The Belgic Confession is one of the jewels of the Reformed Reformation. Largely derived from the French Confession (1559), the Belgic, nevertheless, has an identity of its own. Based on a series of sermons and drafted by Guy de Brès (1522–67), who was martyred for the gospel in Antwerp by the Spanish, the Belgic has a homiletic character that the French Confession does not. It is pastoral. It is passionate and it has its own history among the Dutch and Belgic Churches since its adoption in 1566. It was given its final form at the Great Synod of Dort in 1619, although the Latin translation commissioned by Synod was not completed until later. We are blessed to have good translations and a fine modern commentary by Danny Hyde. The Belgic will repay attention to it. It would make a fine devotional guide for any Christian pilgrim.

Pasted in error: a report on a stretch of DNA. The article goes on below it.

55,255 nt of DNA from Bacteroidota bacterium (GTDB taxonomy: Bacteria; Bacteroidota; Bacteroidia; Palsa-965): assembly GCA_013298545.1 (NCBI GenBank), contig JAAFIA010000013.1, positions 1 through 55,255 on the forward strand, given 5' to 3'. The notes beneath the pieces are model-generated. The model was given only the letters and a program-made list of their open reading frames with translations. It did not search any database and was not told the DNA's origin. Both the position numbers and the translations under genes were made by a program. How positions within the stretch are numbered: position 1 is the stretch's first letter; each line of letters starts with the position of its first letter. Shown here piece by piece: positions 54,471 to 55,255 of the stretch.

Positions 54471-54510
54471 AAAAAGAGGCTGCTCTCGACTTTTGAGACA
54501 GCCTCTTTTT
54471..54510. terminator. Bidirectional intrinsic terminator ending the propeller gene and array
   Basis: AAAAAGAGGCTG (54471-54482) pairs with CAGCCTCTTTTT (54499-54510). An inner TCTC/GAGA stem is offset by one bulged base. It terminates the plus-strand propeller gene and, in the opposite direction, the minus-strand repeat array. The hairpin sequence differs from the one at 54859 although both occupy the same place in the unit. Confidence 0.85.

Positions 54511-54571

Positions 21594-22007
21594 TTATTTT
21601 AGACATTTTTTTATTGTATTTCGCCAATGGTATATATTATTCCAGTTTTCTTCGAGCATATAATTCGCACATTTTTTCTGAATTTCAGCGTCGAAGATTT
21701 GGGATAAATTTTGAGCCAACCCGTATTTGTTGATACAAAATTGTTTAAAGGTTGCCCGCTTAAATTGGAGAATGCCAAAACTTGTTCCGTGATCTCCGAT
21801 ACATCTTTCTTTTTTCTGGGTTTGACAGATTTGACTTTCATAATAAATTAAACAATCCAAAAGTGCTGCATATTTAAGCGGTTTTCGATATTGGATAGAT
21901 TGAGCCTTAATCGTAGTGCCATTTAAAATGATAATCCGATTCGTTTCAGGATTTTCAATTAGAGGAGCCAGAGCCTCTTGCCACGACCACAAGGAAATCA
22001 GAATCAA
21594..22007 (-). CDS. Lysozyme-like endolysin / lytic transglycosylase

The resources compiled for the HB resource page were occasional essays and reflections that have grown out of my interaction with the confession as part of a course on the Three Forms of Unity, which I have taught since the Spring of 1998.